WHAT I DISLIKED
- The summary I wrote above is very sanitized, so don’t let it trick you to thinking that the film’s plot is pretty straightforward; because it’s not. Occasionally, it shows Nemo being in the middle of his adventures in Slumberland, and at some point he wakes up in his bed, thinks it was a dream, and then gets thrown back into it by an act of God. It was like watching three different stories being put together by three different teams with no consultation with each other, and from my previous experience in software development, that’s pretty bad.
- Some parts of the film were quite pointless inclusions; the beginning dream with Nemo being chased by a killer train, to the subplot involving pie, Flip and most especially, the whole thing where he has to go through royal schooling, were bits that could have been removed, and it wouldn’t impact the story. Why waste energy to showcase these parts if they’re not for the story’s overall benefit?
- The romance between Nemo and Princess Camille, which was canonized at the film’s end, sucked; even more than Chihiro and Haku’s in Spirited Away. Nowhere in the film did we see any growth between them in their relationship, and all of a sudden the film throws us with the “Oh, they kissed, yay” treatment. I’ve written enough Navem Eos articles to tell you that a romance with no context is bad, and this one’s an example of it. Cute? Well, yeah, I’ll concede that though.
- Icarus’ dialogue was really hard to understand. Couldn’t they have, I don’t know, put some subtitles to him. The only lines I was able to hear from him were at the end, when he said “Circus? Oh boy!”. And as far as I can gather, this character isn’t meant to be another Chewbacca clone, for crying out loud.
One of the main concerns that George Lucas presented when he was approached to work on the film was the lack of character development present in the film – and is he ever so right. Nemo’s personality is about as bland as a brick wall, and throughout the story he manages to succeed in his trials merely through luck. His initial arrival to Slumberland, where he is greeted with god-like applause and celebration, paralleled that of Timmy from The Secret Of NIMH 2: Timmy To The Rescue; both characters are automatically treated as persons of great importance without any rhyme or reason, and no explanation is given to such – viewers are just asked to accept it and move on. When the film starts and ends, he’s practically the same character; maybe he’ll learn to keep his promises, but that’s about it. The same can be practically said about the other characters, both major and minor; Professor Genius, Princess Camille, Flip, King Morpheus, the Nightmare King… you name it, they didn’t have much going for them in this field.
That’s not to say there were a shortage of fun characters though. For one thing, I did genuinely enjoy watching Icarus, Nemo’s pet flying squirrel, roam around the story – even if the gibberish he said was the only thing he could bring about; as well as the jovial Boomps quintet we are treated to in the foray to Nightmareland. The Nightmare King too was a legitimately terrifying villain with a truly nightmarish design, whose intimidating demeanor and his powerful presence matches the word “final boss”. Those are the only positive character aspects that I could find from this film.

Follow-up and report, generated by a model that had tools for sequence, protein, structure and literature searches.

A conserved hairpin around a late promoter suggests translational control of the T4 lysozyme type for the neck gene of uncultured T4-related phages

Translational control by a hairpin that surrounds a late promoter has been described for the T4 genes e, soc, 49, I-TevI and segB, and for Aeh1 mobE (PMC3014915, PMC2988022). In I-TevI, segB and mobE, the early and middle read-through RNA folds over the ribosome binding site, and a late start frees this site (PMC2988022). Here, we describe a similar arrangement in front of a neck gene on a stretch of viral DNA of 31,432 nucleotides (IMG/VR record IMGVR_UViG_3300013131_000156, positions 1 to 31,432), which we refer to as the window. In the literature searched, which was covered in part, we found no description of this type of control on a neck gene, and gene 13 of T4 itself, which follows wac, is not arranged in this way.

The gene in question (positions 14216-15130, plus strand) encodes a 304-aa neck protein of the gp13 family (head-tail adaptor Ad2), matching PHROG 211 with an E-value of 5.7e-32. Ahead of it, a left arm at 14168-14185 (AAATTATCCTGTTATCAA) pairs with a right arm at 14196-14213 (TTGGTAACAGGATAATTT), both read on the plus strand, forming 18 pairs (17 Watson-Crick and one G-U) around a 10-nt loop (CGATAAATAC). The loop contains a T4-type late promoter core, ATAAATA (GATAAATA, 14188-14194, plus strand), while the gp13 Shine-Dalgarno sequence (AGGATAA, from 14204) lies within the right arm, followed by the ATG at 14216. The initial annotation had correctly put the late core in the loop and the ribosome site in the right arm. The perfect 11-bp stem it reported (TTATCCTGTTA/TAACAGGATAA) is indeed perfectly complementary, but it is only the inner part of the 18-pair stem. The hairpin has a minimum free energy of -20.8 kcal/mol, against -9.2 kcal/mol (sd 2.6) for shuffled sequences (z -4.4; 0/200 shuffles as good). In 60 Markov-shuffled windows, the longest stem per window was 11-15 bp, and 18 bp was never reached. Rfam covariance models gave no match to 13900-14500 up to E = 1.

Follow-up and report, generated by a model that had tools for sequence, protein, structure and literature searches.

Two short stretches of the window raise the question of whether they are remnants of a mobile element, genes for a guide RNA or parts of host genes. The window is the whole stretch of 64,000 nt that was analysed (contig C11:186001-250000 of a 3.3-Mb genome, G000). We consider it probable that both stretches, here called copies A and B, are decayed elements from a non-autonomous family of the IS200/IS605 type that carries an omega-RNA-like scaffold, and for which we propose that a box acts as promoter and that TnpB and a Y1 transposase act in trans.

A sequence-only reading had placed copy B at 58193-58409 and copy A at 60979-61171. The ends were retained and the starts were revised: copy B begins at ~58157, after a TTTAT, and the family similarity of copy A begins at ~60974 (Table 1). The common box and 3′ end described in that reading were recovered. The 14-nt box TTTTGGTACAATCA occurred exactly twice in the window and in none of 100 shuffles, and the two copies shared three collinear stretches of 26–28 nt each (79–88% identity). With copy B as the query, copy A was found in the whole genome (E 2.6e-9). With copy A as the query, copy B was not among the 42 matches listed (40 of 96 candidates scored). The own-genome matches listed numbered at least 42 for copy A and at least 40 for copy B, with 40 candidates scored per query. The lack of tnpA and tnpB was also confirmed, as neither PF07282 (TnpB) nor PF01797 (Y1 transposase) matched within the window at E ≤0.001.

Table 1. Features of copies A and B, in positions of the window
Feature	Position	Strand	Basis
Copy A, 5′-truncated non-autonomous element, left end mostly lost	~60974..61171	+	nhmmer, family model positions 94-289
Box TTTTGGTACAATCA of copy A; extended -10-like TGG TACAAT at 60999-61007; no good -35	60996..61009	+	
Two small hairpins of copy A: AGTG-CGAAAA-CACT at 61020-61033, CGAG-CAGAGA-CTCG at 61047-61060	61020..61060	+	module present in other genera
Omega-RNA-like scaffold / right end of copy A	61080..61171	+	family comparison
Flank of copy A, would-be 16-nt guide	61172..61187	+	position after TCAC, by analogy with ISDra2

Little Nemo’s music consisted of random vocal tracks which were sporadically spread across the movie, occasionally accompanying specific scenes. For starters, there’s the dream-like tunes of intro song and Slumberland by Melissa Manchester, which can be found at the beginning and when Nemo returns to New York respectively. Other examples included Fun And Laughter (which played when Nemo and Princess Camille were having fun across Slumberland), Etiquette (from when Nemo went to school to figure out how to become a prince), and the theme song of the Boomps. With the exception of the last song, I dreaded having to listen to these musical numbers – they just felt so out of place and in retrospect they didn’t even have any discernable impact to the story’s development. But if there’s one piece that stands out, it’s this one from the party following Nemo’s coronation; the reason being that the chatter that plays when Professor Genius and King Morpheus dance to it sounded like a recording of two guys high on crack singing along to it. Even with the instrumentals alone I can already hear their incoherent chatter in my head. When it comes to the instrumental background music though, it was rather tolerable if you’re into whimsical and adventurous music types.
Overall, the music wasn’t all that sterling, but it did have some salvageable parts to it. It’s just that the salvageable parts weren’t able to carry the full weight of the film.
15 years have passed since I last watched it, and suffice to say, Little Nemo’s Adventures In Slumberland failed to carry the torch of nostalgic goodness that I once had for it in my youth. Although the animation wasn’t too bad and very Ghibli-like at times, not to mention as well, the battle between Nemo and the Nightmare King being the highlight of the film, the incoherent, zig-zaggy plotline streamlining it was enough to ruin the experience. Instead of watching the film with the same, curious attention that I once had for it, I found myself singing along to Snoop Dogg’s “Smoke Weed Everyday” remix just to accompany the story’s ridiculous progression. You know what? They shouldn’t have called it Little Nemo’s Adventures In Slumberland. I think Little Nemo’s Extravagant Acid Trip instead would have been a better name; because the only way you can watch this film and give it a 10/10 is if you were really intoxicated, or high on acid throughout the film’s 95-minute duration. Please don’t try that at home.